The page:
Doctor handing medical billing statement to patient (iStock) (AndreBlais/Getty Images/iStockphoto)

As a physician for more than 35 years with a large multiple sclerosis practice, I am more than familiar with the increasing challenges my patients face in accessing their critical treatments. And the Nov. 11 Economy & Business article "Pricey specialty drugs force seniors to make hard choices " accurately highlighted the incredible dilemma faced by seniors on Medicare who need expensive specialty medications to treat their illnesses. Access to medically necessary health care is critical for successful patient outcomes, yet it is often impeded or blocked by unaffordable deductibles, co-payments and co-insurance. For many Medicare beneficiaries, there are no limits on the amount of cost sharing.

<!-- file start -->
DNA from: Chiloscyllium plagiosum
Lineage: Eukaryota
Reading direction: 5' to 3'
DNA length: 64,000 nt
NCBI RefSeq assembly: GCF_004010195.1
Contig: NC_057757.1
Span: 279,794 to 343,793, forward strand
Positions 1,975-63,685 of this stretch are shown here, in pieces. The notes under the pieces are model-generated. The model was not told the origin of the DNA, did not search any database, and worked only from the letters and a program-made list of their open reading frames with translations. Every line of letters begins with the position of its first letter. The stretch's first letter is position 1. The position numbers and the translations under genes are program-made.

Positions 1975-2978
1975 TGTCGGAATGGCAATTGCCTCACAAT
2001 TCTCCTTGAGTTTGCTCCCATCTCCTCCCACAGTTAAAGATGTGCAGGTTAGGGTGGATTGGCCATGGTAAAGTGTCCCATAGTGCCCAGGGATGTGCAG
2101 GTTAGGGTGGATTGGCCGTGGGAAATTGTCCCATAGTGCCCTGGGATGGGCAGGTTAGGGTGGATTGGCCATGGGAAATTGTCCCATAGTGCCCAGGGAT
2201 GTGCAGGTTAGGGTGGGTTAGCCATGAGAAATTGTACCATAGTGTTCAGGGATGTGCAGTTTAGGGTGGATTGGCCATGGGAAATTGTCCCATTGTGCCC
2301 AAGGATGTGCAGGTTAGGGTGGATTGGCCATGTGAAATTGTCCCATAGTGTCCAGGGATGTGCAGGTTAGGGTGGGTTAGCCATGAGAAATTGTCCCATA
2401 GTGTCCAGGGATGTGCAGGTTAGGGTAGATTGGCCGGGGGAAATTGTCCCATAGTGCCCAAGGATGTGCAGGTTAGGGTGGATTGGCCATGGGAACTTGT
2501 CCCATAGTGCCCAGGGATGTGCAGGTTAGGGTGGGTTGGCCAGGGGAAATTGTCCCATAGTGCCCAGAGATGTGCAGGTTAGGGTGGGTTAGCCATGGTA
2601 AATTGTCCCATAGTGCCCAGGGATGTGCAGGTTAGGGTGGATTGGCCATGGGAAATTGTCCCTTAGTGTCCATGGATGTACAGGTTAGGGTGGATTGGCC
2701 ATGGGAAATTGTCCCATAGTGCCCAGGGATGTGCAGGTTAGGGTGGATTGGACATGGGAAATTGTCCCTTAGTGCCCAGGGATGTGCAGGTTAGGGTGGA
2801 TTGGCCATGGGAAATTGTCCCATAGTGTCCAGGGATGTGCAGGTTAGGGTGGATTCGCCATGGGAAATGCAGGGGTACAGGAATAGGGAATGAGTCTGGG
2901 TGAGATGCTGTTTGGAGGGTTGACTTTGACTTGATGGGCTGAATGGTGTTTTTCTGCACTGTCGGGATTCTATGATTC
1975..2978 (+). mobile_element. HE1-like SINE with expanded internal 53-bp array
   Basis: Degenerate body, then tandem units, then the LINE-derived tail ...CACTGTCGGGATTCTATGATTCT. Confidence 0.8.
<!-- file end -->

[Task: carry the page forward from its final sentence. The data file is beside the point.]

However, the article left out an important part of the equation: Independent charitable patient- assistance foundations offer a critical safety net to the Medicare population and other underinsured individuals by paying for a portion of their out-of-pocket costs. Until there is a systemic fix to the problem of underinsurance, patient-assistance programs will continue to play an essential role in ensuring that hundreds of thousands of patients get the care they need.

Donald A. Barone, Washington

The writer is chairman of the Patient Access Network Foundation, a nonprofit funded in part by pharmaceutical companies that helps people pay for the out-of-pocket costs of their medications.